A lady’s suite of rooms

The whole world was scandalized in the morning of 26 February 1986 when the doors of the Malacanang palace — shut for 21 years except to the Marcos privileged —  were finally opened and the rabble at last saw the supposed excesses of the Marcos regime…

Like the Jacobins and the Bolsheviks before them, the whole world gawked at the spacious bedroom, the practical bathroom, and the commodious storage room of the latter-day La Reine Marie Antoinette and Empress Alexandra, the deposed First Lady, Madame Imelda Romualdez-Marcos.

I wasn’t surprised.  That’s just how grand ladies are supposed to live, after all.  There was nothing spectacular about Madame Marcos’ suite:  The bedroom was nowhere as splendid as the Chambre de la Reine at the Chateau de Versailles; the bathroom was not as nice as those of the suites of the Plaza Athenee in Paris; and the storage room was a banal affair compared to the Rothschilds’ storage rooms at the Chateau de Ferrieres and at the Hotel Lambert.  I didn’t understand what the worldwide fuss was all about.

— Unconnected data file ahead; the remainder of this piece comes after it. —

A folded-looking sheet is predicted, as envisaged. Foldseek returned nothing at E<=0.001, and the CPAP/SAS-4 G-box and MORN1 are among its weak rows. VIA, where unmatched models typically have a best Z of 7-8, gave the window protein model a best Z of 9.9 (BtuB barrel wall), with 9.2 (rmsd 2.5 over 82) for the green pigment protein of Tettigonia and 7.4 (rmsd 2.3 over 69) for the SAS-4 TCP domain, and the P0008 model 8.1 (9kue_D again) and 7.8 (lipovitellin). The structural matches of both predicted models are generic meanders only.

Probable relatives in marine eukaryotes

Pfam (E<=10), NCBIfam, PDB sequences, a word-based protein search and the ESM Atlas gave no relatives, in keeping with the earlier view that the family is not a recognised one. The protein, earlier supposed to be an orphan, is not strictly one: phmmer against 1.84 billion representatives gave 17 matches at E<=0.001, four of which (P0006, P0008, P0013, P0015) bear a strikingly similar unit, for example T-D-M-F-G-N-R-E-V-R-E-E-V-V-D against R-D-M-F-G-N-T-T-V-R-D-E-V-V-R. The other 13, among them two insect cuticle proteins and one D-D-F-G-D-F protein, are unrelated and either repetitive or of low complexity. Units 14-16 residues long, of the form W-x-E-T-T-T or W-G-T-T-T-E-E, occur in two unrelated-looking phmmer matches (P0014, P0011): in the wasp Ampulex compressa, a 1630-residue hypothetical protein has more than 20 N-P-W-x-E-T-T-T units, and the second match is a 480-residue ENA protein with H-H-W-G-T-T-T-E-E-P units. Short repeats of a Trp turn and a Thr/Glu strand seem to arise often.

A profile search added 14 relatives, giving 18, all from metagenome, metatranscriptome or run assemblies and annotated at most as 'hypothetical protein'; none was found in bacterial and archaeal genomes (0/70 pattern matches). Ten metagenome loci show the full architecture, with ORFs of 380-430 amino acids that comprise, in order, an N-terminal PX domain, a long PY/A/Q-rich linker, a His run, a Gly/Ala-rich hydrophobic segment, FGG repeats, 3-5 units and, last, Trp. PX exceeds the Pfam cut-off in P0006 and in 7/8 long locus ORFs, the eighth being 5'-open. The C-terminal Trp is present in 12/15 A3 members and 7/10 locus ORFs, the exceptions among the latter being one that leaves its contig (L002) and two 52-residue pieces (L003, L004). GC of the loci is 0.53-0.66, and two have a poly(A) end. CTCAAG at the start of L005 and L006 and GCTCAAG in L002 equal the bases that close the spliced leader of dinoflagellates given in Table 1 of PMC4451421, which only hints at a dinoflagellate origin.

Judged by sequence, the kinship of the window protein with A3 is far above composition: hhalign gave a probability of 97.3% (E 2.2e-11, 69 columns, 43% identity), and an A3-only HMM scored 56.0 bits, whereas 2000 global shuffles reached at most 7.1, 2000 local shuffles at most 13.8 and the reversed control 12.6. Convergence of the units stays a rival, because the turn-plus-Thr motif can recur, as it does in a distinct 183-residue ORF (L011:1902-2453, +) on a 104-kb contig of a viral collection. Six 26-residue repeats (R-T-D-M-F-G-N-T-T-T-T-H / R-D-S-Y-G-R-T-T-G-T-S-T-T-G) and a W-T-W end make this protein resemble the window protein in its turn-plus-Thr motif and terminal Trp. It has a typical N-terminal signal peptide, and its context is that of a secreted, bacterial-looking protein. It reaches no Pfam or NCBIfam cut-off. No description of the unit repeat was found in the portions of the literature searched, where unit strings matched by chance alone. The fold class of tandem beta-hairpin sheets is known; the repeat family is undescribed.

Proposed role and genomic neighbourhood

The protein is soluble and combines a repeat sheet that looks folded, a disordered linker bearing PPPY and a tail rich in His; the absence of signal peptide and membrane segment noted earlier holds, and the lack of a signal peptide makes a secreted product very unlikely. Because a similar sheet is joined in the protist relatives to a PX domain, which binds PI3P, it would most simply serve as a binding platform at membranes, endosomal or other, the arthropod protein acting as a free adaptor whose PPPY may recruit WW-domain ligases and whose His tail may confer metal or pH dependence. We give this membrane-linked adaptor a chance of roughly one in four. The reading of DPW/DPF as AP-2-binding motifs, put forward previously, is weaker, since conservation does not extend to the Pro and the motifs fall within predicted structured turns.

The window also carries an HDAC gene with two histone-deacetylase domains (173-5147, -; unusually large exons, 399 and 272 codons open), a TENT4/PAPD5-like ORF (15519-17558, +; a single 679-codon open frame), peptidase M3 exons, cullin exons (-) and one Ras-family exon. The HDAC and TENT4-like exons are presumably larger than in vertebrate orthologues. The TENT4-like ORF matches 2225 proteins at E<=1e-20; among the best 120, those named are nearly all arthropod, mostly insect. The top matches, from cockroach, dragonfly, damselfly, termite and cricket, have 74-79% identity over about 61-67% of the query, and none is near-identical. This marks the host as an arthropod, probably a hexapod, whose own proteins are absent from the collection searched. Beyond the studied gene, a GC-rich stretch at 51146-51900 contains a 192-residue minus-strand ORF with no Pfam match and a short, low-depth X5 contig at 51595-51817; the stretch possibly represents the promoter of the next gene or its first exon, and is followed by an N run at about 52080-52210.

In Imperial Russia before the Revolution, the great families like the Sheremetievs, the Golitsyns, and the Youssoupovs lived in as grand, if not grander, style than the imperial Romanovs themselves…

In Manila before the “1986 Revolution,” the privileged “Blue Ladies” of the Marcos “New Society” lived in grand style.  But none of them — by a long shot — ever rivaled the imperial style in which Madame Imelda Romualdez-Marcos lived out her days as the Queen of the Philippines, and indeed, of all Asia…

But one does not need to be Madame Imelda Romualdez-Marcos to live elegantly and even a tad excessively…


She had angst.

Her sister had taken all of her mother’s magnificent jewelry:  suite upon suite of high quality diamonds, pearls, rubies, emeralds, and sapphires.  She had also taken all of the heirloom ivory “santos” which populated their 18th century silver altar at home.  Her brother had taken all of her father’s paintings:  Manansalas, Botongs, Amorsolos, de la Rosas, Hidalgos, and Lunas.  He had also taken all the expensive Georgian sterling silver which her parents had purchased, every now and then, in London.

And she gathered what the two had left behind, which was still considerable.  But it was their selfish gestures which galled her forever.

In retaliation and compensation, she surrounded herself with the things that she felt had eluded her… and in time she had amassed more than what her parents had originally possessed…




  1. socialclimber said,

    July 31, 2007 at 2:54 pm

    The Olot Mansion is different from the Santo Nino Shrine.

  2. April 14, 2007 at 5:58 pm

    toto gonzales wrote:

    I tend to agree with you. “The Chateau de Olot” was something else…


    “The Chateau de Olot’ indeed. Let me tell you a little something about that which NOT many people, even so-called in-the-know Manilas know.